Cameras and tape recorders crisscrossed the Edmonton Oilers’ locker room, cycling from stall to stall to capture the stories of the day. A familiar buzz filled the circular space, questions and conversations between players and reporters floating through the air the morning before a home game.
But the moment Connor McDavid stood up, everything else stopped. The rest of the room fell silent. When the most prominent athlete in Edmonton was ready to speak, all the attention came flocking to him.
“He could run for mayor and win tomorrow,” said Tom Gazzola, an Edmonton sports radio host in his 13th season covering the team. “He’s basically a god, worshipped for what he does.”
McDavid never asked to be the Chosen One in Edmonton, to procure the prophetic pressures placed on him as the Oilers’ prodigal son. Had draft lottery luck played out differently when he entered the league as the highest-touted prospect in years back in 2015, he might have ended up in Arizona or Buffalo, Carolina or New Jersey.
But instead, he ended up here, in a city trying to recapture the glory days of one of hockey’s most storied dynasties (the Oilers won all five of their Stanley Cup titles between 1984-1990), and following in the footsteps of the sport’s undisputed most legendary player (four of those championships were claimed with Wayne Gretzky as captain).
There are few cross-sport comparisons to McDavid’s situation, which has seen the 22-year-old center make three (soon to be four) All-Star teams, twice lead the league in scoring, and claim the 2017 Hart Trophy as the NHL’s most valuable player — but only reach the playoffs once.
He is like hockey’s version of Mike Trout (considered arguably the sport’s best player despite lacking in postseason accolades) but also carries a burden similar to Cody Bellinger (the best player on a team mired in a championship drought). His meteoric rise mirrors that of Giannis Antetokounmpo, as does his status as a star on a small-market team — even if he is reluctant to bask in much of the spotlight.
“He’s the best — if not, arguably the best — player in the world,” said teammate Zack Kassian, who has played on McDavid’s top line often this season. “With that comes a lot of expectation, and a lot of pressure as well. That’s what makes him such a good player. He’s so mature for his age. He is really good at handling all sorts of situations.”
Not so subtle reminders of those expectations are everywhere around the Oilers’ home rink. A three-story image of McDavid is plastered against a column in the main concourse, while replica Stanley Cups greet visitors at the entrance to the team’s locker room.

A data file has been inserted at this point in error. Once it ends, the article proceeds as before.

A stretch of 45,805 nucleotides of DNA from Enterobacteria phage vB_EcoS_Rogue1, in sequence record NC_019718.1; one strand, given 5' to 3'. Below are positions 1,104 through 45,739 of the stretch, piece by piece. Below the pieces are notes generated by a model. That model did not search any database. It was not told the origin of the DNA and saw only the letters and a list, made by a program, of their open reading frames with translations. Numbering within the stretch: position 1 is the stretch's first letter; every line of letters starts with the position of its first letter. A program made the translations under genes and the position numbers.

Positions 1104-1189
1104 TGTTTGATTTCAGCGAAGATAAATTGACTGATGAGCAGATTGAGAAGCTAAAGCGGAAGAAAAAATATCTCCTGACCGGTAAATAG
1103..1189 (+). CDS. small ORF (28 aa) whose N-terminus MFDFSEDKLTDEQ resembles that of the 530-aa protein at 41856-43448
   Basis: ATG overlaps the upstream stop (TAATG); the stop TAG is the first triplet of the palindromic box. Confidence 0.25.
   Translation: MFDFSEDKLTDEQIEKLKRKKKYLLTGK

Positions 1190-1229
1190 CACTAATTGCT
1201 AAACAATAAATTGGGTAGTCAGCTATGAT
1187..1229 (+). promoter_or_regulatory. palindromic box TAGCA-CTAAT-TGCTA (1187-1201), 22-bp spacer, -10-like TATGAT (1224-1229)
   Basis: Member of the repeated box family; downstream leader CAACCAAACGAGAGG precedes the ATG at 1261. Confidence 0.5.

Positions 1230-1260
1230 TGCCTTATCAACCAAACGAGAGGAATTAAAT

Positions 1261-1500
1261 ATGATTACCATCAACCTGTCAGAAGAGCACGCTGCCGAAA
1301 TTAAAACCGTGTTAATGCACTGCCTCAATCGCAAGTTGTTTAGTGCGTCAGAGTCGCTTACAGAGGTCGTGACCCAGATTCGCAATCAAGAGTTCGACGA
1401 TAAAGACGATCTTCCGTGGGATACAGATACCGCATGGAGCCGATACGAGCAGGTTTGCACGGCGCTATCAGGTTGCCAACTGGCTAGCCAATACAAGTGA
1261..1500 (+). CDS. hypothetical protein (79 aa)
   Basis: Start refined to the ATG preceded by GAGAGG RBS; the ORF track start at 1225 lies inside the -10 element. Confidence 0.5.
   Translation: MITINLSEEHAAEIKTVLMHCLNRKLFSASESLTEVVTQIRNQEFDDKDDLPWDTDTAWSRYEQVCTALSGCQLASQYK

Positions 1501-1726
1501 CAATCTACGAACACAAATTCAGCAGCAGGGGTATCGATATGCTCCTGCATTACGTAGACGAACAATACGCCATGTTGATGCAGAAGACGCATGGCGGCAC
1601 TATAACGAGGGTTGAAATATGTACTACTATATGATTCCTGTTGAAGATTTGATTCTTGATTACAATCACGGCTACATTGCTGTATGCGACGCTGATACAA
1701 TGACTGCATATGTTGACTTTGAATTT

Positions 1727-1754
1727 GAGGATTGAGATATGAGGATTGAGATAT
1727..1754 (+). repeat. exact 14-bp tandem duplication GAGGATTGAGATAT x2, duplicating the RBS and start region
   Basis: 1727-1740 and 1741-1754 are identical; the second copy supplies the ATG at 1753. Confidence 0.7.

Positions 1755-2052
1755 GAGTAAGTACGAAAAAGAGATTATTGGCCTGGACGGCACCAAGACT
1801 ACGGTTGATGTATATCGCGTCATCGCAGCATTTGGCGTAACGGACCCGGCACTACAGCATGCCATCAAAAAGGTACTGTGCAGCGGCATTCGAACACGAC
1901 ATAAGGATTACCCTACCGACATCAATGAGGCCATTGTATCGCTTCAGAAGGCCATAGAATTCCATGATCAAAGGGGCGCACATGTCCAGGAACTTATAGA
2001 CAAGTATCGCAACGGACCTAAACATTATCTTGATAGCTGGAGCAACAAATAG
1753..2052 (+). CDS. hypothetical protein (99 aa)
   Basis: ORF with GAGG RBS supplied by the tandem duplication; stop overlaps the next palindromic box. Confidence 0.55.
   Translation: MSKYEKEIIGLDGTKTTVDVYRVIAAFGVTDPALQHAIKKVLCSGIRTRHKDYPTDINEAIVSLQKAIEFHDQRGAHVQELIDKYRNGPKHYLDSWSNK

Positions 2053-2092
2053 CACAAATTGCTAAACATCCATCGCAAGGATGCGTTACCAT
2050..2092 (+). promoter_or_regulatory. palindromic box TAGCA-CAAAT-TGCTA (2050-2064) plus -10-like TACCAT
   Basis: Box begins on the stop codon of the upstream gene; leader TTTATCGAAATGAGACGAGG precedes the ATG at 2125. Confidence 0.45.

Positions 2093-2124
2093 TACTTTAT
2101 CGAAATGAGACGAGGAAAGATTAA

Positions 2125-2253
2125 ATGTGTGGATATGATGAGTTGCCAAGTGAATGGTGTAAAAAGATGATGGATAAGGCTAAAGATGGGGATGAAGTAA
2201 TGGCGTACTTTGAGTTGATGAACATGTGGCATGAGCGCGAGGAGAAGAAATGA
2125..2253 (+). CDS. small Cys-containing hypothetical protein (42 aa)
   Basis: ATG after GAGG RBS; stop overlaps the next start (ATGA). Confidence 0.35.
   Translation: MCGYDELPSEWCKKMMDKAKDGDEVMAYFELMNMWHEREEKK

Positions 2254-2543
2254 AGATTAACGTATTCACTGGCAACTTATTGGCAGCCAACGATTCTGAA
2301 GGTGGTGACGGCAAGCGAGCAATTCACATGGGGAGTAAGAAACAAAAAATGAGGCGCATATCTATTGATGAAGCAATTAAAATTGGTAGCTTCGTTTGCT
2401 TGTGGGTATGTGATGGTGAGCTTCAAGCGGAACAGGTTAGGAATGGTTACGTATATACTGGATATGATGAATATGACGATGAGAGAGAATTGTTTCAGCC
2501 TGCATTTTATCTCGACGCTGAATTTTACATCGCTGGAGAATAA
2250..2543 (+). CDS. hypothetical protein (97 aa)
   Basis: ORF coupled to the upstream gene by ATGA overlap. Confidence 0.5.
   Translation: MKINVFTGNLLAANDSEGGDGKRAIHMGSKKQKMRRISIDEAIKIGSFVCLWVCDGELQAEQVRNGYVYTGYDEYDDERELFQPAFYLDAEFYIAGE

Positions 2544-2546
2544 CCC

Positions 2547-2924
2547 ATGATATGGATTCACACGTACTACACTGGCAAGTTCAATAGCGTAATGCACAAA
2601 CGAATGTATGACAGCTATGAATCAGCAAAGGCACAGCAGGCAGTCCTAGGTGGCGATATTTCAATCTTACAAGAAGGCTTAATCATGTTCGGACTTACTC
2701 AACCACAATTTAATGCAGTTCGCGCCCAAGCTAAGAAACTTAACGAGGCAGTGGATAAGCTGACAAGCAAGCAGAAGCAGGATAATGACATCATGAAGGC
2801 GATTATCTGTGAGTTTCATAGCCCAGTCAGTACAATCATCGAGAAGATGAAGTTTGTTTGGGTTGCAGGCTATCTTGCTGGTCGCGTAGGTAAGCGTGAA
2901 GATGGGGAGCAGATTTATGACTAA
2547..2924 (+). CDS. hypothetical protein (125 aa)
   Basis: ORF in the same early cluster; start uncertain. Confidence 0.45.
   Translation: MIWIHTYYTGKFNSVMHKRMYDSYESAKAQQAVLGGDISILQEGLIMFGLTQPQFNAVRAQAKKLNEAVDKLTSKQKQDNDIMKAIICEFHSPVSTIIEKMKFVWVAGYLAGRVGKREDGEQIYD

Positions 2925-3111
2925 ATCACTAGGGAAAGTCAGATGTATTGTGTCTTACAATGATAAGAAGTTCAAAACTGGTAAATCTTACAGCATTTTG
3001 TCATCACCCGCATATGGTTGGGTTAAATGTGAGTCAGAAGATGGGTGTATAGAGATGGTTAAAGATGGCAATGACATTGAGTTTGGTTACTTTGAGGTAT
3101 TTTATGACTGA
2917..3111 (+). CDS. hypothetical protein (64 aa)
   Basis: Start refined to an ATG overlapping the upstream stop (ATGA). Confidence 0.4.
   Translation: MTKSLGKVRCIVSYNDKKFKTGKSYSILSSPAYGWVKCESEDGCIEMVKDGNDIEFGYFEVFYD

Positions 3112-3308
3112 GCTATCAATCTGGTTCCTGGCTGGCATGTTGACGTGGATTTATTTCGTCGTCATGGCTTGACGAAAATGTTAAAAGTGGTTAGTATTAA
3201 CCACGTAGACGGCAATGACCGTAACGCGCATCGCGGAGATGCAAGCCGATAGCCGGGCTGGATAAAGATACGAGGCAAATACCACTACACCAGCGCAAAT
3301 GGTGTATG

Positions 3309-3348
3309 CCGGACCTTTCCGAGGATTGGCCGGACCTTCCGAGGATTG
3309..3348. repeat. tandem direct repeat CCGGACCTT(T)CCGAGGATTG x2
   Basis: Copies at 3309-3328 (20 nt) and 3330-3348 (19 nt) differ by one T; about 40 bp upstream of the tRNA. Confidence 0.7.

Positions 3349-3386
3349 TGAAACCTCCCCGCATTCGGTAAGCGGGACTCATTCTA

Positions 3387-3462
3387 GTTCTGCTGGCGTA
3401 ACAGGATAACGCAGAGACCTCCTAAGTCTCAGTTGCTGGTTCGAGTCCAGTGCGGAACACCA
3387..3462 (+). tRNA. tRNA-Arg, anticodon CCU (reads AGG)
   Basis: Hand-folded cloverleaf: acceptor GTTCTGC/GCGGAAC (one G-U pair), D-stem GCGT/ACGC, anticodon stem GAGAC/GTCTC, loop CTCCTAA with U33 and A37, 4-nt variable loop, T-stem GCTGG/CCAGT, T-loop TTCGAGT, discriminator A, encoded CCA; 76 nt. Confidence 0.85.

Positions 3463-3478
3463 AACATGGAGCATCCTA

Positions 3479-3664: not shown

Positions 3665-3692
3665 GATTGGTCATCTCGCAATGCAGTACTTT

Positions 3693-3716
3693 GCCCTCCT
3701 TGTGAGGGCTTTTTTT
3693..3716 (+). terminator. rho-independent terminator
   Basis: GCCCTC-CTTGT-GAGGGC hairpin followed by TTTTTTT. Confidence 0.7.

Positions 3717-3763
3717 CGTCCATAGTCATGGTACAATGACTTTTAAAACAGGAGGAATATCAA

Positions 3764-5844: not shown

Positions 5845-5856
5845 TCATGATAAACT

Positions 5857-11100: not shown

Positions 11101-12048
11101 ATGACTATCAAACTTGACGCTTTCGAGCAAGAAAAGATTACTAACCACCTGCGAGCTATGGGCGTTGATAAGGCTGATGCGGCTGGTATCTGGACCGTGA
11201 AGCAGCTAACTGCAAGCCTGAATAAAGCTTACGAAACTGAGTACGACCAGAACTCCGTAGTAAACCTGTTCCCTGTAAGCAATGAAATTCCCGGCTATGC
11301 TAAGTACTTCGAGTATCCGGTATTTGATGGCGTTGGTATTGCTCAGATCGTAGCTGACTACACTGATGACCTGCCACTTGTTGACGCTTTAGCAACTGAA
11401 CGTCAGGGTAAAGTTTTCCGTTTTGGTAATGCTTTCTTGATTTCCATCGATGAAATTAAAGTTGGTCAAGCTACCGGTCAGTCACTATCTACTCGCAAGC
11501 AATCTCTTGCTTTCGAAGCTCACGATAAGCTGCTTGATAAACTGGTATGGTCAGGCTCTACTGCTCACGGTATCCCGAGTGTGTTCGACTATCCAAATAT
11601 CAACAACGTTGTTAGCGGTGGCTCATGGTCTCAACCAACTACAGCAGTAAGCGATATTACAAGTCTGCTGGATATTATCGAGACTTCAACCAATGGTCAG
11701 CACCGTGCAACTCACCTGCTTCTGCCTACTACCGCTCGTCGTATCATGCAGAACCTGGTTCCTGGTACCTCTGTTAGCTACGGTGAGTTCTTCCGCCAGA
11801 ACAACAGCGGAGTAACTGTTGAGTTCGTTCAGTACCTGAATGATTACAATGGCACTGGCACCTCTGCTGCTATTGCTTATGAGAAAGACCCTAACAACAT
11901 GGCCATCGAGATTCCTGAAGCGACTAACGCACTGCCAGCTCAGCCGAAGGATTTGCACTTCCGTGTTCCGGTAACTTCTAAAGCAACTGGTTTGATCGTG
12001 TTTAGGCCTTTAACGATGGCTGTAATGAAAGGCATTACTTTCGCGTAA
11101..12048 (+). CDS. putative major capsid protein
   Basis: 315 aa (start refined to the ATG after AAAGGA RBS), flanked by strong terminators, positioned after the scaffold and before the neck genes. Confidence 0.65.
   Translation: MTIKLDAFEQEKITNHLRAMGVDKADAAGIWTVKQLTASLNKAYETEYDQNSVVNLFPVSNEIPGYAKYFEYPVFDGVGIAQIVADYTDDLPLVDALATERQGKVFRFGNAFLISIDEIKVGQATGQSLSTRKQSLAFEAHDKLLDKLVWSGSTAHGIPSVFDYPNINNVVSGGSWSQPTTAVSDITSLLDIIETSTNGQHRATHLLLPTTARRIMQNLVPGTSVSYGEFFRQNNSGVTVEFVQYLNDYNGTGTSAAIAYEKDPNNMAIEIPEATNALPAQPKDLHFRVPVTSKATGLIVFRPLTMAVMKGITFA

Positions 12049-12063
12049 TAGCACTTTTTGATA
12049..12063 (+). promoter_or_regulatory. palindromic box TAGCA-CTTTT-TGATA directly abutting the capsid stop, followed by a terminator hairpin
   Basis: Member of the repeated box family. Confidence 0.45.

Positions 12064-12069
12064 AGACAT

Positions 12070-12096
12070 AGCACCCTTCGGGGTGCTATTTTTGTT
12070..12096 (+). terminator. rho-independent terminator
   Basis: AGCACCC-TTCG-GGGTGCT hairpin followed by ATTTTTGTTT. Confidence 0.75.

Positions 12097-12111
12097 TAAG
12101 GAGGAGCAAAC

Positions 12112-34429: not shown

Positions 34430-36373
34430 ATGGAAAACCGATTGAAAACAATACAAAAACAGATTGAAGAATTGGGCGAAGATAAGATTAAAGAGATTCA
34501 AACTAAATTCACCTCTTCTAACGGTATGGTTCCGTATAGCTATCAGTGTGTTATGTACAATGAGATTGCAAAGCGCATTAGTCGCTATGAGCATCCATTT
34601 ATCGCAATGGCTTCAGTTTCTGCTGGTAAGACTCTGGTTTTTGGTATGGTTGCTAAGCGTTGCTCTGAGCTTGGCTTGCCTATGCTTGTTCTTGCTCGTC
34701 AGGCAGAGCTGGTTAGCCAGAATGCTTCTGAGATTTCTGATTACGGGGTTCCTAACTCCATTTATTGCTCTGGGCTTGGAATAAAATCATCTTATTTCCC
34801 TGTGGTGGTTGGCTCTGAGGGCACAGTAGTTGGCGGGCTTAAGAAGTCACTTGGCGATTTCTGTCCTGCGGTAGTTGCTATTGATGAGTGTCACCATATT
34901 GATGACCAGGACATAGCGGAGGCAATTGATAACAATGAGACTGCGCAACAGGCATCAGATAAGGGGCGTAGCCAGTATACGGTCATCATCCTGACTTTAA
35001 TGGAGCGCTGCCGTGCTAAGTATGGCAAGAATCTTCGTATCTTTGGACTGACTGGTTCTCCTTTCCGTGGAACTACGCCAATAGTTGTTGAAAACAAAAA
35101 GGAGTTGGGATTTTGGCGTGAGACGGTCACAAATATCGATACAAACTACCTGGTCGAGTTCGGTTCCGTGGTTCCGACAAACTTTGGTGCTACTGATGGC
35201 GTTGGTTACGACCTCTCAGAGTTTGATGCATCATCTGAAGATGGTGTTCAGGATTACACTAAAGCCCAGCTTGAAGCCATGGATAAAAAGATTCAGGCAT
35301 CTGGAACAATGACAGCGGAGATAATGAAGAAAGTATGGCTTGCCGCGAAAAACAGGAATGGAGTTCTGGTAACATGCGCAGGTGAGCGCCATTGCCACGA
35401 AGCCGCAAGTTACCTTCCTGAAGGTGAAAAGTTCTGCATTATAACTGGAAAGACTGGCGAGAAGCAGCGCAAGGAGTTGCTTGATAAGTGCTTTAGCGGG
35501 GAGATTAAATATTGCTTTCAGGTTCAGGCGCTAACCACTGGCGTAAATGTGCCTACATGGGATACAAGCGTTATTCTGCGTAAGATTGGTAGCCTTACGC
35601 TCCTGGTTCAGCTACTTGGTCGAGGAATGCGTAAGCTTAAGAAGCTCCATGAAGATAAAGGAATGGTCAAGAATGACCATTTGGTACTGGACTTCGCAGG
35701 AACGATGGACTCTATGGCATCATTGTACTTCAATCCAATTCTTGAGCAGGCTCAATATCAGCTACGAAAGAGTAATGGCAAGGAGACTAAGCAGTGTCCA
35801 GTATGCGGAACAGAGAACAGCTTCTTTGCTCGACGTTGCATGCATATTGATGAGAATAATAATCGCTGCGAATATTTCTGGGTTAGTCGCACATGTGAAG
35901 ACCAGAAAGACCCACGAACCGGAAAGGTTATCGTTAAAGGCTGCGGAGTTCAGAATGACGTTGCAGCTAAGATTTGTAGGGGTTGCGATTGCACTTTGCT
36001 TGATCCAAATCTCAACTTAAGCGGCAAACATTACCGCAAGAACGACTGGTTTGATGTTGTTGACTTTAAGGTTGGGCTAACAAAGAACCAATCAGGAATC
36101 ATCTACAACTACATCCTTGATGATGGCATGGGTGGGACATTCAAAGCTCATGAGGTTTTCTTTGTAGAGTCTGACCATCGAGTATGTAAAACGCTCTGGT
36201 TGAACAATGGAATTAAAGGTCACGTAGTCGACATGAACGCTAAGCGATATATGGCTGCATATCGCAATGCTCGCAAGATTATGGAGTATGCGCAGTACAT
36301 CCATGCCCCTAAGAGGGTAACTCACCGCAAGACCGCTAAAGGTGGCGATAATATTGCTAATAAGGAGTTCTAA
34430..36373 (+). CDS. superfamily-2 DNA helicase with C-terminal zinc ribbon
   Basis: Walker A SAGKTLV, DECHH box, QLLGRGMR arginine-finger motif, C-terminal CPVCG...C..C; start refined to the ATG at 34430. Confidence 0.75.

“When you’re that type of individual, when you’re recognized everywhere, where you represent not only yourself, your teammates, your city, but your game as a whole,” said current Kings coach and former Oilers coach Todd McLellan, who coached McDavid through his first four NHL seasons, “the eyes are on you all the time.”
McDavid credited McLellan, who was the No. 1 overall pick’s first NHL coach, with helping cultivate his development.
“He was really patient with me, gave me every opportunity to be successful,” McDavid said. “There were a lot of nights where I probably didn’t deserve my next shift, but he kept putting me out there.”
McLellan deflected all the credit back on the speedy scorer who entered Thursday tied with teammate Leon Draisaitl for the NHL lead in points with 51.
“He has a lot of people around him that help him, but at the end of the day, he gets to make the decision on how he’s going to behave in any situation,” McLellan said. “And he makes it right. So give him credit.”
McDavid arrived in Edmonton in the midst of what Oilers fans coined the “Decade of Darkness” — 10 consecutive non-playoff seasons following the club’s surprise run to the Stanley Cup Final in 2006.
That rut appeared to be snapped three years ago when McDavid keyed an Oilers’ berth in the Western Conference semifinals, where they lost a Game 7 to the Ducks. But, the club has failed to qualify for the postseason in the two years since.
During those lean years, McDavid escaped much blame. Last season, most listener calls Gazzola fielded during pre- and postgame shows rather bemoaned the Oilers’ unbalanced roster, lack of depth and years of dicey front office decisions. Criticism of McDavid was so rare that, it was news when fans were caught heckling him and his parents leaving a local restaurant in March 2018.
“They know that it’s not McDavid that is leading to these losses directly,” Gazzola said. “People here get that.”
Still, even with the Oilers in second place in the Pacific Division heading into their meeting with the Kings on Friday night, reservations remain. For the first time since moving into Rogers Place four years ago, the Oilers aren’t selling out every home game. Fans in Edmonton and around the hockey world, Gazzola said, are still “wait and see” mode.
After all, they know what their budding star can do in the regular season. They’re ready to see it consistently extend into the postseason now.
“I can’t tell you the admiration I have for him as an individual, never mind as a player,” McLellan said. “The way he carries himself amongst everybody is pretty impressive at such a young age.”